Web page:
The previous story on this blog detailed my epic coach journey from Nottingham, England, to Kraków, Poland. This journey wouldn’t have happened if Paweł, a chap I met at university, hadn’t invited me to Poland. Moving on to my first visit to Poland in 2005, this post outlines four ways in which I experienced culture shock in Poland:
1. Polish hospitality
My first encounter with Polish hospitality was at Paweł’s family home in Mszana Dolna.
Mszana is a quaint little town some fifty kilometres away from Kraków, and roughly the same distance north of Zakopane at the foot of the Tatra Mountains.
Upon entering his house, Paweł asked me to take my shoes off. I’d never been asked to do such a thing in England. So, Paweł handed me a pair of slippers. According to this article, Poles don’t like it when their guests are in with a shout of catching a cold!
I soon became acquainted with Paweł’s very welcoming family. His mother, Ewa, was extremely hospitable and generous towards me. She also tried hard to communicate with me, despite her basic command of English.
Ewa had guests staying in the house. However, I never felt like I was in the way. With Paweł translating, it was a pleasure to get to know a bit about these people and Polish culture. Likewise, Ewa and her guests tapped into my life and interests without prying.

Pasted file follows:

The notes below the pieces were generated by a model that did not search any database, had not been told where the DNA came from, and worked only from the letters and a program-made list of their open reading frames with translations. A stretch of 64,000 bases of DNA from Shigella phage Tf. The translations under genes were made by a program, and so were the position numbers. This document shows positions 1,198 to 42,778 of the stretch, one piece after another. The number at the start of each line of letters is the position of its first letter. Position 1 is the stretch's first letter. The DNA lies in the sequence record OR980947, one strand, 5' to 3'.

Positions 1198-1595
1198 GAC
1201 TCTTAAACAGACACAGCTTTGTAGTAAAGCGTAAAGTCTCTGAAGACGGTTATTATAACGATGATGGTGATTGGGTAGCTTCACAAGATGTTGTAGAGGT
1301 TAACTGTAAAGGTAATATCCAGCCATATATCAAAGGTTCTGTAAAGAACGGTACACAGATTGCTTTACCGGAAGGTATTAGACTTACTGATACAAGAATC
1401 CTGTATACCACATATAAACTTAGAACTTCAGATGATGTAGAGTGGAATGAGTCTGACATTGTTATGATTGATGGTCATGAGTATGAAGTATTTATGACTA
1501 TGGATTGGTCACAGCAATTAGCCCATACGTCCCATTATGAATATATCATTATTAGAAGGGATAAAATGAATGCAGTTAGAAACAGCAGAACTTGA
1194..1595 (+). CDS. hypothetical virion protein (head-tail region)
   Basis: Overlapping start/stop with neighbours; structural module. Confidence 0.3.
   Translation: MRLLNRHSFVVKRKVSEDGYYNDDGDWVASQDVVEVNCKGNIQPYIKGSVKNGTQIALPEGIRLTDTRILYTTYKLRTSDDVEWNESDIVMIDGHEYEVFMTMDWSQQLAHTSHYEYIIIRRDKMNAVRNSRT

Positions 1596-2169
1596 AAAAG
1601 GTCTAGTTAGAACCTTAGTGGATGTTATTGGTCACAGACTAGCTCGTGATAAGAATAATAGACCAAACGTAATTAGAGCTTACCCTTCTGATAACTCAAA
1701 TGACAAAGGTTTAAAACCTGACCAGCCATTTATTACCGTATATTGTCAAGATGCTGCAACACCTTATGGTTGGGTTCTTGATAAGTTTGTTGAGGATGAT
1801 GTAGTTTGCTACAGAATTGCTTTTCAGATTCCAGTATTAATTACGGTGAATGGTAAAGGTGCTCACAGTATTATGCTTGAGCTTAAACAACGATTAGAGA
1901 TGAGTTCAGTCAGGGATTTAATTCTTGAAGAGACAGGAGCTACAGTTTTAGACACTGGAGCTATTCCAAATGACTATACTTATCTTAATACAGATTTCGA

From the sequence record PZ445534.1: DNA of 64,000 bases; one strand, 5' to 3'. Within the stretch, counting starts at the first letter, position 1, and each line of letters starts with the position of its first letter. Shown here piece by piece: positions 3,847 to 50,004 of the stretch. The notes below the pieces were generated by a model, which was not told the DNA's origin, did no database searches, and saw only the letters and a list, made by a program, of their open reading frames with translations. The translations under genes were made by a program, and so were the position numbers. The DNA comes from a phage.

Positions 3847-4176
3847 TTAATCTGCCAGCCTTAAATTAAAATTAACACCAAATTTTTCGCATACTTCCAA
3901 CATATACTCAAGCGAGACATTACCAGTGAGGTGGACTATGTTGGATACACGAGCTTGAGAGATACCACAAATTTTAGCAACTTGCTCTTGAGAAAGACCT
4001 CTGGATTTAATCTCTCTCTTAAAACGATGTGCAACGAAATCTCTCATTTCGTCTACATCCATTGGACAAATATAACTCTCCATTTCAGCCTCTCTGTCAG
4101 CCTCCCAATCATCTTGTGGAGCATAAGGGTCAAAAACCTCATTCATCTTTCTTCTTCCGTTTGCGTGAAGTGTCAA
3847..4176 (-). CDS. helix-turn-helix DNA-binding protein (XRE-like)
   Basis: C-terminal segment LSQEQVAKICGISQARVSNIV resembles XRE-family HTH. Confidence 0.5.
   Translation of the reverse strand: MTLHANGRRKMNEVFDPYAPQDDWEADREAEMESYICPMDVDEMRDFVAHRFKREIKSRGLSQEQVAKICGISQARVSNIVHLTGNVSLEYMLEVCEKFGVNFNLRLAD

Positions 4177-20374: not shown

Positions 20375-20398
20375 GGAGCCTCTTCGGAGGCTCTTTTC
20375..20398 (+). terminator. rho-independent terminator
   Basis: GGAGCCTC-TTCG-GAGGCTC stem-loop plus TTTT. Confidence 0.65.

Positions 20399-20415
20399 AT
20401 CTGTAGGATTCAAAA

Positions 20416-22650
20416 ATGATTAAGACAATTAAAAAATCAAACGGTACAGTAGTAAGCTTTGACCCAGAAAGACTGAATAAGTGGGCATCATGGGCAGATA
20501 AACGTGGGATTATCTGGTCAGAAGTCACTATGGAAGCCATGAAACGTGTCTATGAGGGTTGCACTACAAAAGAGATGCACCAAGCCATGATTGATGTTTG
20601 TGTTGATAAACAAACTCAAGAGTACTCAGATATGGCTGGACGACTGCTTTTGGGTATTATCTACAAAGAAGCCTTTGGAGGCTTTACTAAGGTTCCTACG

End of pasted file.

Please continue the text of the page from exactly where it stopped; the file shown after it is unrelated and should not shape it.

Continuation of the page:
I vividly recall sitting in the house one evening with Paweł, Ewa and all their guests. There was a guitar in the house, and I was invited to play and sing a few tunes. Just before performing “Blowin’ in the Wind”, someone turned the lights out. Overall, it was a humbling experience – and a great way to bond with these unfamiliar people.
Hospitality is not about offering an excess of food and drink to guests. It’s about making guests feel part of the family from the word go. This is particularly true when it comes to those who find themselves in very unfamiliar surroundings. Paweł and company ticked all the right boxes when it came to settling my nerves and making me feel welcome.
The first stage of culture shock